“Right.” Daniel folded his hands on his lap and stared at them. “And what if you’re not a poet or a prostitute?”

“Oh, fuck off,” Zaile said, drawling each word long and slow. “Hezekiah must have loved you, you repressed little shit. Did you let him fuck you? Because that’s his game – look for the most emotionally wrecked excuse for humanity he can find, and proceed to mess with them even more. He loves it when you earthies hate yourselves.”


oh yeah, Mundus, I choose you.


I have been doing things

Mostly working on Mundus, which is my project for me.


And I haven’t done this in forever, so have an excerpt, first draft and all that means:


“I didn’t think you’d be here,” Tanja continued. She was accusatory, and somewhere in the fog of his memories Oliver tried to work out if he deserved it. Was it his fault this time?

He was pretty sure it wasn’t. He set down his almost empty glass, and balanced the crostini on the rim. It took an extraordinarily long time, and seemed particularly important. He thought it should be. Food and glass and stains of red. While he was doing this, Oliver found the words floating up out of his chest. He listened to himself. “She doesn’t own the city,” he said. Which was particularly stupid because it didn’t matter if she did or she didn’t. He still should have known better than to come here, to a place full of her friends.

With a dull surprise he realised that they’d all been her friends, really.

There was nowhere in the city to run to that she hadn’t infected. No place where people wouldn’t look at him with pitied revulsion. It made everything harder than it had to be. Oliver went to get another glass of wine to wash the thought away, obliterate it, drown it black. He needed a place to go where he could be clean of all this, but all he had were art galleries and clubs and alcohol and the night. The wine was helping, it was making him feel less frayed, sticking him into place and time like a housefly on a strip of dirty flypaper. He was spinning. Tomorrow. Tomorrow would be better, he’d be braver and sober and he could think and he could find a bolt-hole and lick his wounds salty-clean.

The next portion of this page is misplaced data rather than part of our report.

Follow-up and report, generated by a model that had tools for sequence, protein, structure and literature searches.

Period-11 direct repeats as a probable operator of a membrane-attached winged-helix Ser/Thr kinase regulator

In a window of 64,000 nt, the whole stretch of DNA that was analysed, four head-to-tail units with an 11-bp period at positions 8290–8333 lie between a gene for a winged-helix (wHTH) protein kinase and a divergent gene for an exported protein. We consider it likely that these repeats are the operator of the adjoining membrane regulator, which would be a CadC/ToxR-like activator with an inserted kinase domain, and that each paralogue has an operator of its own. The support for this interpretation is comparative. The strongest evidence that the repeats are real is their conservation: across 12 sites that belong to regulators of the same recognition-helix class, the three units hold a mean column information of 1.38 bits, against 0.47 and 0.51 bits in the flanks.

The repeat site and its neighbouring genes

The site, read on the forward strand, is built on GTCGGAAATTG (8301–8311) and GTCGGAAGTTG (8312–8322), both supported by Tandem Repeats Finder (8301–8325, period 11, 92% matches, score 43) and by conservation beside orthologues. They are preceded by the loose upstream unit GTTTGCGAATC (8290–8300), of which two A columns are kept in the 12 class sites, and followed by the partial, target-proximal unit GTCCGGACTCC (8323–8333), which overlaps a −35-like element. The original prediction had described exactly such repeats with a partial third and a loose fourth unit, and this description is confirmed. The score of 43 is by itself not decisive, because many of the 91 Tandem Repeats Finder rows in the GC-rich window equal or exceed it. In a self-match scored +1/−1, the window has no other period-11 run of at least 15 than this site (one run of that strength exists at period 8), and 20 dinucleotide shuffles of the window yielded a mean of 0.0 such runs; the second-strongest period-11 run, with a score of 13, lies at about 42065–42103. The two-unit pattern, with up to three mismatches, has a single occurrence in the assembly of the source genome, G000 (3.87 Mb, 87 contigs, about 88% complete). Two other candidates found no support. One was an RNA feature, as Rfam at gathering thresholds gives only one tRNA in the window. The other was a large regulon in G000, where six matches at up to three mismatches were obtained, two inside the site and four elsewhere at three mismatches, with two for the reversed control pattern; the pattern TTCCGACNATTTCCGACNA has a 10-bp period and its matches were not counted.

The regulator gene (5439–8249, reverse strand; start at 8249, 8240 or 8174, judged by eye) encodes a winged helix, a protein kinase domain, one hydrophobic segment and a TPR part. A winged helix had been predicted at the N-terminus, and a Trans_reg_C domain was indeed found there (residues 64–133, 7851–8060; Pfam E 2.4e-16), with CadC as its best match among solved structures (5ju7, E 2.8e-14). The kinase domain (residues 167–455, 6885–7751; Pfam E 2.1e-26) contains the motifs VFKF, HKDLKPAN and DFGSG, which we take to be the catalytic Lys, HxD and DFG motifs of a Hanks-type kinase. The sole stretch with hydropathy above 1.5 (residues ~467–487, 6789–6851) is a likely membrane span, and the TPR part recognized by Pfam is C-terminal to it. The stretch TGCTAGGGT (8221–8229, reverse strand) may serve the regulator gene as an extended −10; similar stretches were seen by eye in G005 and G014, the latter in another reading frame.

“God,” said Tanja, and she took him by his arm. Her eager drunken grip was something he found himself relaxing into. Hard people, people who took control and told him what to do, they made Oliver feel safe. A peculiar safety, yes. Like a rabbit in a hutch, safe from dogs and wolves, but not so much from the dinner table. That’s why things hadn’t worked out with him and Amanda. Two rabbits in an open cage. You can’t do that to people and expect them to make a good go of it. Someone always had to be the hunter.

“You’re a mess.” Tanja pulled him to one of the shadowed corners. There was a couch here. It was rubbery and filled with people he didn’t recognise. They glanced up once, a many eyed beast, then their heads all turned back to conversation, speaking each other’s lines. Above them hung a row of paintings. They were a series of seductions, angular and unsurprising. An occasional soft curve made them feel less empty and rote.

I’m in hell.

“Hey,” Tanja said, and snapped her finger right under his nose with a little firecracker pop that brought him back to a foggy sort of reality. The room smelled of old damp stone and piss and wine and desperate air freshener. “Are you okay?”

Focus. Too many glasses of wine and not enough shitty cheese crostini. Oliver smiled to himself. If he were peeled open now perhaps his liver would be labelled. This is Oliver’s bloated self-pity. “I’m fine.”